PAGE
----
Advisors can learn a lot from a walk through a shoe store.
Like many baby boomers, I base footwear purchases on a combination of comfort, aesthetics and price. But this rudimentary formula for return on investment (the most comfort for the lowest price) isn’t sufficient for many young investors today.
When younger clients were asked to name the shoe brand that they feet does the most good, the number one response was the brand TOMS, according to a survey from the youth research firm Ypulse. The Playa Del Rey, California-based footwear company donates a pair of shoes to an impoverished child for every pair bought, according to its website. Sure, the shoes tend to cost a bit more, but for many young people today, it’s worth it.
The financial services industry tends to treat ROI like the be-all and end-all. During the decades that advisors mostly worked with baby boomers and even Gen Xers, this focus on ROI worked because clients prioritized it too. But, time and again, studies show young clients want more from their advisors than just returns. They want more socially responsible investing options, better technology and the ability to save time.
Advisors should be looking to brands like TOMS as examples.
For sure buying shoes is different from an investments strategy, but let’s take a closer look at SRI, also known as impact investing. Choosing an investment based on the potential for financial return, without regard to the investment’s social and environmental impact, is like walking into a shoe store and simply choosing what looks and feels the best for the cheapest price.
Advisors who only focus on financial return during their communications with current and prospective clients risk alienating or even repelling investors who prioritize SRI, and often that group consists of millennials.
In fact, nearly 80% of the millennials surveyed described themselves as impact investors, according to a BNP Paribas report. And with millennials set to inherit $30 trillion from baby boomers during the upcoming Great Wealth Transfer, millennials are a generation of clients that firms simply can’t ignore.
Then, there’s the technology issue. In the past, financial advice was all about the face-to-face meetings. That’s largely due to the preferences of baby boomer clients, who tend to view their financial advisors as partners, according to research from First Clearing. Gen Xers and millennials, by contrast, don’t share this partnership view of the advisor-advisee relationship. Members of these generations tend to perceive themselves as very busy and consequently want financial advisors who can save them time, the research shows.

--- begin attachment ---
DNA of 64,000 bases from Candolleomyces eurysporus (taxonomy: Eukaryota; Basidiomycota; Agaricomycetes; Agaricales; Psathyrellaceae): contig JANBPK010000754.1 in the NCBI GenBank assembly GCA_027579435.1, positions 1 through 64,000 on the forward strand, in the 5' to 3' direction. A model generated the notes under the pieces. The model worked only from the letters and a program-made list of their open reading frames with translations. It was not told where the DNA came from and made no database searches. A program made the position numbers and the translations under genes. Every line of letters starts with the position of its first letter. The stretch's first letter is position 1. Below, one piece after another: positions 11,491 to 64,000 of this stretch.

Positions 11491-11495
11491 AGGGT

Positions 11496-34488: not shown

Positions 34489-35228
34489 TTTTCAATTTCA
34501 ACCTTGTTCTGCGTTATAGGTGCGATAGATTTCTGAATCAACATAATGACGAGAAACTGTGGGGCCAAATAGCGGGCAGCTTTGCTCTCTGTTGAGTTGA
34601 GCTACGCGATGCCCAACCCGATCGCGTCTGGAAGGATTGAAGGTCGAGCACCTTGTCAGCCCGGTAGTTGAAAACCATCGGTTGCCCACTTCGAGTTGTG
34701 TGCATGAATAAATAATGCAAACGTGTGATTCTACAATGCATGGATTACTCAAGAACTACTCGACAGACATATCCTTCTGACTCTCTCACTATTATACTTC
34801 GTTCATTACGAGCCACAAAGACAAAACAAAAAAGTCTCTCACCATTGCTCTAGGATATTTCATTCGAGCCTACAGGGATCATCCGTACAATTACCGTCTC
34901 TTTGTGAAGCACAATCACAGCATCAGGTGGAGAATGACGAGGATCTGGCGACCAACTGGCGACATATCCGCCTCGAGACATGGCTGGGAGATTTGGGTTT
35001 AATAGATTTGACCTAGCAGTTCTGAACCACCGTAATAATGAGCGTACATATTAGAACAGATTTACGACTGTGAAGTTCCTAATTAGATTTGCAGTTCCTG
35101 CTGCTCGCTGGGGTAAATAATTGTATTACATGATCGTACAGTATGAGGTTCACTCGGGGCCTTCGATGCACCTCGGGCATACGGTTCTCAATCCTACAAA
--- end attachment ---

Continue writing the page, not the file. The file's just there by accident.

But here’s the rub: younger clients want individualized attention from their advisors, too, so sending out blanket emails on investing to young clients will do little good. Instead, advisors can meet next-generation client needs for both time saving and personalized investment by using technology to further traditional meetings.
First, advisors need to understand that their young clients want face-to-face meetings. The majority, 82% in fact, of millennials would appreciate more meetings with their financial advisors, according to a report by Deloitte.
Second, young clients have low-to-medium financial literary, according to the report. It’s this lack of knowledge that’s stopping a quarter of millennials from investing, according to a Facebook study. In all client communications — whether face-to-face meetings, a social media post or an email to a current or prospective client — advisors should steer clear of jargon and always leave the floor open for questions. An investment conversation is only effective if both sides understand what’s being said.
Finally, the primary medium of communication should be what the client wants, not what the advisor prefers. For millennials, a generation in which 90% of members check their smartphones within 15 minutes of waking, this preferred medium just might be digital, so older advisors accustomed to voice calls might have to learn a few new tricks.
The next generation still wants ROI, but not in the way that we in the financial services industry tend to define it. Their investment isn’t just money — it’s their time and their trust, too. Their return isn’t just financial — they also want the knowledge that their investments are helping generate social and environmental good.
Millennials are making us redefine ROI, and it’s about time. Now, I just need to go out and buy a pair of those socially responsible shoes.